by Bret Contreras June 10, 2014
Should I do a Powerlifting Competition?
By: Tim Henriques
If you have been lifting seriously for a while and you have gotten a bit stronger, you might be pondering the idea of competing in a powerlifting competition. If you are thinking about doing just that, you probably have some questions. Since powerlifting is my thing, let me see if I can be of some assistance to you. If I don’t address your questions directly in this post, feel free to pose them in the comments section and I will get them to there.
The first question most lifters have is this: Am I strong enough to compete? The short answer is probably yes. Most powerlifting competitions don’t have minimum qualifying standards that you need to reach before competing. Understandably, most lifters don’t want to get destroyed their first meet so I will give you a quick guideline here. If you can hit the following lifts you will hold your own at most local powerlifting competitions:
To be clear I am not saying that by hitting the above numbers you will win your weight class or you’ll be the strongest person there. I am saying that you should fit right in and you won’t feel “weak” if you can perform these lifts. Certainly there will be some really strong people competing – there are usually 3-5 beasts competing in each competition that are on a really high level. But there will also be people you might not expect to find at a competition: kids and teens often compete; powerlifting is very popular with master lifters (over 40) including a pretty big group of 60 and 70 year old lifters that are competing. Of course at younger and older ages the weights being lifted are noticeably less. And most importantly, the environment at a competition is usually very supportive and positive because everyone there is trying for a PR and everyone knows how hard you have to work to make serious progress in this sport. Most lifters are very friendly and happy to talk about training. A competition is a great place to meet like-minded people. If you want more detailed information on how you might stack up against the competition, refer to the lifting classifications that are found in my book All About Powerlifting. (Bret’s note – this is not an affiliate link, but it’s a great book on powerlifting that I recommend)
When you are ready to compete the first thing to do is to find a competition that is right for you. Consider the following:
Geography – expect to drive 2-3 hours to find a meet, sometimes it is more, sometimes it is less. If there is a specific, big competition you want to attend then you may have to fly to it. Powerliftingwatch.com is a great place to start your search.
Cost – powerlifting is a pretty cheat sport (compared to something like golf it is super cheap) but there are some costs associated with it. These things include:
Date – find a powerlifting competition that is a good date for you to train for. Generally 2-6 months away is ideal, if it is more than 6 months away that may not really motivate you and you can’t just try to peak for the meet for that long. If it is less than 2 months away you may not feel like you have enough time to give it your all in training. Most lifters follow a specific meet prep for 2-3 months to be their best on the platform.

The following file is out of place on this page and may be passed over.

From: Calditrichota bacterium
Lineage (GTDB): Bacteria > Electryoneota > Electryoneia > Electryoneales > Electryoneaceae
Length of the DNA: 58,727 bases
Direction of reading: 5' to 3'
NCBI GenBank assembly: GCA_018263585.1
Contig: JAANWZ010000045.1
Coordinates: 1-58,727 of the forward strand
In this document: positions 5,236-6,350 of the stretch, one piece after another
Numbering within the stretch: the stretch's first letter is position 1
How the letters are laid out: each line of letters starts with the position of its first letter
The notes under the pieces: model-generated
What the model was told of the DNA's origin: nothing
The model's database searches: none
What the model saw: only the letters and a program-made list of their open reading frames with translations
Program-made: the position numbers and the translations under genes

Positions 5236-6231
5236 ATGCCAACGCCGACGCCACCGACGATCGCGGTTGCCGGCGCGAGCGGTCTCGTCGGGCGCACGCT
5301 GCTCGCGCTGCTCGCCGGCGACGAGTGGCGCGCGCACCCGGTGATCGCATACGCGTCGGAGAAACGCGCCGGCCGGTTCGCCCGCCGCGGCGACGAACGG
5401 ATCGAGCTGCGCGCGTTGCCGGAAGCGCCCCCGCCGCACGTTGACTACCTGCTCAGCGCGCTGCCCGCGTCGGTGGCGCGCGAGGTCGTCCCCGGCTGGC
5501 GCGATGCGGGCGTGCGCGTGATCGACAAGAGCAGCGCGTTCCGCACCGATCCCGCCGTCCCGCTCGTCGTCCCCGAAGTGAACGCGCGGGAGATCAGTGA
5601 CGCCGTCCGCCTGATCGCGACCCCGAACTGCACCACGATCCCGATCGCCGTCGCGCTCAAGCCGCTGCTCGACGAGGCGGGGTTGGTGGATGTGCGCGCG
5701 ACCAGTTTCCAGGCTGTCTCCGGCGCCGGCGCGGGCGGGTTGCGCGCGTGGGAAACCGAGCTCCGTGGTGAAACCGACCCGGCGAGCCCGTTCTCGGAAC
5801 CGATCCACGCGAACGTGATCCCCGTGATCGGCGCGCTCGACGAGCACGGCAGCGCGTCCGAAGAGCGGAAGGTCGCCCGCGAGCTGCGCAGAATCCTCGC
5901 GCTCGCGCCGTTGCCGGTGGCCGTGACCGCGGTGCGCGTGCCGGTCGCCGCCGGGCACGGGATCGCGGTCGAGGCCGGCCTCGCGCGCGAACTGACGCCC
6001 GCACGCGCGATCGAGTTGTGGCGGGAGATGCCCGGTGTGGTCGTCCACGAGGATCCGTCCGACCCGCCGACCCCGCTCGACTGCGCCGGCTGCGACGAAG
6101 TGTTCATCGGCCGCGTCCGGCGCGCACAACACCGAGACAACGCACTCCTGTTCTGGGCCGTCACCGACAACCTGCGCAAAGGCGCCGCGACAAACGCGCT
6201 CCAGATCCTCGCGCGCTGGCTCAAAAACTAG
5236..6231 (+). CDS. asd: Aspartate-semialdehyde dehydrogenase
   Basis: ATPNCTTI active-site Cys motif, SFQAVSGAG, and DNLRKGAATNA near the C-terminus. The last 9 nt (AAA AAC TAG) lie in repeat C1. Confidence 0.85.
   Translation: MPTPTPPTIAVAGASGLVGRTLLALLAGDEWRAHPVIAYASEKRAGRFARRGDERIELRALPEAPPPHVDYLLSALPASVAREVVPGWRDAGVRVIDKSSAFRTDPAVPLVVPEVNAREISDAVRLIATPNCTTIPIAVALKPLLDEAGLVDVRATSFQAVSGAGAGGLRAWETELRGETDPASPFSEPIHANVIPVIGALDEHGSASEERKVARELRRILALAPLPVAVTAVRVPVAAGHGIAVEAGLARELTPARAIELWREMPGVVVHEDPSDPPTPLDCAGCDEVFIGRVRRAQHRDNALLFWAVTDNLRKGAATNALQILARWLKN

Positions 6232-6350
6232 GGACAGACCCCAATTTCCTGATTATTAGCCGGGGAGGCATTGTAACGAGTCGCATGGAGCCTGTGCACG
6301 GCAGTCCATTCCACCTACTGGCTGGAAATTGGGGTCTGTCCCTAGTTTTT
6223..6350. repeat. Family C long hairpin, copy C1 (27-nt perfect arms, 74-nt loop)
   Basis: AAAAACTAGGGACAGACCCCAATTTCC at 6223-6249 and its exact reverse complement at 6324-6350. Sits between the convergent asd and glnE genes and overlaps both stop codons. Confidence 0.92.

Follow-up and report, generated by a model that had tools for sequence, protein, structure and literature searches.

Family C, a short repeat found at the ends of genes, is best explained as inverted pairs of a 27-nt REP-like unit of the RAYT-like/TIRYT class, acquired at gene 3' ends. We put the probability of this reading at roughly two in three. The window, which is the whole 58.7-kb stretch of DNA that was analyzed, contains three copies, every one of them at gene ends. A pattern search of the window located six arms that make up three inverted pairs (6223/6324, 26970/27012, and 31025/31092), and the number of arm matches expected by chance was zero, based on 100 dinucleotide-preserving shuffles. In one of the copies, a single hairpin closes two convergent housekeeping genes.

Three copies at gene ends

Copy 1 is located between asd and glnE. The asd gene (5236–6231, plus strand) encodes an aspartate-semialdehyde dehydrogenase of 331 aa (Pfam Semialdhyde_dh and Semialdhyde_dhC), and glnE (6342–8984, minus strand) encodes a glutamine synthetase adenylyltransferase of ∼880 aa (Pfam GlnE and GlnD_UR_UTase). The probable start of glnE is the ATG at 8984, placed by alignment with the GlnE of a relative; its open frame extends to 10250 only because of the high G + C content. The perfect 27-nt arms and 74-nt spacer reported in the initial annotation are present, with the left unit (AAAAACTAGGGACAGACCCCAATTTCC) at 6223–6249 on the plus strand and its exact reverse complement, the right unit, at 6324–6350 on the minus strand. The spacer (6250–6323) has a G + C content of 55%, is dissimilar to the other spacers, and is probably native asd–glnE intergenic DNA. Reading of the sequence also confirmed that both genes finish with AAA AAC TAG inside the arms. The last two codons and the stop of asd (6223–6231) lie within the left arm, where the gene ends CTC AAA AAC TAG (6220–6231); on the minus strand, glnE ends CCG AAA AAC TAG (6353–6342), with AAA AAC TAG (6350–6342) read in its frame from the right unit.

Federation – there is not just one governing body in powerlifting, this is either good or bad depending on how you look at it. It is bad because there isn’t always one set of rules everyone follows, it is good in that it allows various lifters to find what works for them. Basically there are 2 big questions you want to ask.
The first question is are you going use powerlifting equipment like bench shirts, squat suits, etc? If this is your first meet then the answer should be no, don’t even worry about this. But be aware if you compete in a federation that allows gear (usually referred to as single ply (1 layer) or multi-ply (2 or more layers) there may be some people at the meet using it. The gear is super strong, often adding 30-50% to a lifter’s max, so it is almost like 2 separate sports. If you don’t wear any gear that is called raw powerlifting. You can still wear a belt and wrist wraps if you want. Likely you’ll just compete in a competition that is close to you, but if the idea of another powerlifter wearing gear in the competition bothers you then compete in a raw competition.
The second thing to consider is drug usage. I am assuming you are drug free and the numbers posted above reflect that. Some federations drug test, some don’t. If someone chooses to use steroids that is up to them but that person should not compete in a drug tested federation. Again if you are new you may just be selecting competitions based on proximity, but if drug use bothers you than select a drug free or drug tested federation. The USAPL and 100% RAW are 2 of the top drug tested federations in America.
*Bret’s Note: Sammie and Erin competed in a NASA meet for their first competition with the Operation Get Strong & Sexy posts – see HERE, HERE, HERE, HERE, and HERE if you didn’t follow that series. I competed in 100% RAW for both of my competitions – see HERE and HERE for those recaps.